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The Lot embraces the perilous local food movement on James Island

Local Ties

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I was a little nervous when I stepped into the Lot, the newly renovated restaurant adjoining the Pour House on James Island. For years it had been El Bohio, serving co-owner Vanessa Harris' Cuban-American family recipes. Back in the summer, though, she and her husband Alex decided it was time for a transformation.

The press release announcing the new restaurant declared the Lot was bringing "farm-to-table cuisine" to the Pour House's live-music bar setting and that they had "consciously joined the local food and farmer movement." On the one hand, I was relieved that they hadn't joined the local food and farmer movement by accident, but, on the other, the fact that they had joined at all made me nervous.

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Three years ago, our city experienced a rash of sports bars and watering holes retooling their kitchens and getting ambitious with their menus. I wrote a piece decrying the rise of the "gastropub" and pleading with bars to stick to what they do best — wings, sliders, nachos — and not to get all fancy-pants with pork shanks or pan-seared salmon or anything involving truffle oil.

More recently, we've seen a flurry of strip-mall bistros draping themselves in trendy farm-to-table adjectives like local, sustainable, and heirloom with, at best, mixed results. A pork chop may be "sourced" from Keegan-Filion farm, but if it's overcooked and topped with a dull sauce and too much pepper, it's still not good. Not surprisingly, many of these ventures have already closed their doors.

The whole concept of the Lot, in other words, seemed fraught with peril. My nervousness increased as I climbed onto a stool and the bartender began walking me through each of the 10 items on the little chalkboard menu, explaining the ingredients and preparations of each. This could get tedious, I thought, as he was wrapping up item number two a couple minutes later.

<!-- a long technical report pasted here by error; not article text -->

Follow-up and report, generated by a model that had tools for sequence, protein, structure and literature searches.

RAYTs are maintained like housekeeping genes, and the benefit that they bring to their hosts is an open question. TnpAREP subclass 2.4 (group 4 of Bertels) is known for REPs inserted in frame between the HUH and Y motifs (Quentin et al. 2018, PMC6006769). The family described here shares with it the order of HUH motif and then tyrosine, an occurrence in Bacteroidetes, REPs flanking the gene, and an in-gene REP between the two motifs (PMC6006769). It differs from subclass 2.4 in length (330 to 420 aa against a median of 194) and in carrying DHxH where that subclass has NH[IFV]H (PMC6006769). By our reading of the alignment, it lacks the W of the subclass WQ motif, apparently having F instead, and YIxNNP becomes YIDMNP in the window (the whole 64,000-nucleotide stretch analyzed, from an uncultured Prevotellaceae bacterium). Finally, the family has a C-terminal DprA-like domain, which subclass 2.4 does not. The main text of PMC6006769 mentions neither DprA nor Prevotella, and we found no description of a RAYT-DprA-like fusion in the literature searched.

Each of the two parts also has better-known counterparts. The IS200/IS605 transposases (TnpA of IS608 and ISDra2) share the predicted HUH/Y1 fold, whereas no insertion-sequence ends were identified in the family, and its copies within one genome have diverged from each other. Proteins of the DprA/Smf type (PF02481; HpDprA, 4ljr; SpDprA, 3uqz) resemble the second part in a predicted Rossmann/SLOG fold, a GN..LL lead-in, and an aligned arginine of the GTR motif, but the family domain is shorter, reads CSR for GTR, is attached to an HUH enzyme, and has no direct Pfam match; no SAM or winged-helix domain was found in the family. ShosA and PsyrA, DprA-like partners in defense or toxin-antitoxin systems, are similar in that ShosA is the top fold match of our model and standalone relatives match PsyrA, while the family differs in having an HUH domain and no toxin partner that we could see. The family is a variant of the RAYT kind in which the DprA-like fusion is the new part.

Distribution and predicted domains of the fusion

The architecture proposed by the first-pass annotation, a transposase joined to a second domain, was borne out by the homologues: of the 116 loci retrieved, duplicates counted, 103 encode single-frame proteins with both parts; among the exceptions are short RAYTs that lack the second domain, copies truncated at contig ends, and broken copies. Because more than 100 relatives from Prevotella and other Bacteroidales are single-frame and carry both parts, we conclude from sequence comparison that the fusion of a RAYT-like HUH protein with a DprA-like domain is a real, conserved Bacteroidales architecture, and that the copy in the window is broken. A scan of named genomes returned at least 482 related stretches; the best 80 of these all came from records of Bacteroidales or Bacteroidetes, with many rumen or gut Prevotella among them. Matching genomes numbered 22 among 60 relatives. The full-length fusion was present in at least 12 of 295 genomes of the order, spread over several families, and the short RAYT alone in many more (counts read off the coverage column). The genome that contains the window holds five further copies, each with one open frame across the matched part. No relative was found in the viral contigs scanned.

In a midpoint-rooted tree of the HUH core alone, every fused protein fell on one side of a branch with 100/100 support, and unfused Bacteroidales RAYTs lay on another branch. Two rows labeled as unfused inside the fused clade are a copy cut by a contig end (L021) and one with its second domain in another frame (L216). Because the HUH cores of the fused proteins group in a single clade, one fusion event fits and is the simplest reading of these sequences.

But it didn't get tedious, because each item sounded better than the first. I ordered the "farmer's pick" ($8), and it was stunning.

What the farmer picked that evening was a white plate bursting with beautiful colors. A base of green broccoli and limas was dotted with tan field peas and big splashes of bright pink radishes, some quartered and some sliced thin, and lovely slices of watermelon radish, too. Tucked away inside was a raw copper-colored carrot, sliced in half lengthwise, and a nub of sweet corn still on the cob. A big smear of chili-tinged aioli finished the plate.

All the veggies were either raw or blanched just enough to cook them through but still leave them crisp and deeply flavorful. They were tossed lightly in a little vinaigrette and minced herbs, and with each cool and crisp bite came bright bursts of basil. It was one of those dishes where you take a bite, then pause and think, damn, this is delicious. You take two more bites and pause again and think, damn, this is really delicious.

I tweeted out a pic of the veggie plate and asked the Twitterverse to guess where it was from. The replies came back: the Macintosh? FIG? Stars?

Nope, nope, and nope. This veggie plate came from a damn bar.

This isn't lip-service locavorism where a few ingredients from local farms are name-dropped on the menu. It's the serious, hardcore mode where everything is made from scratch, and each and every ingredient is superbly fresh, and it shows in the resulting dishes.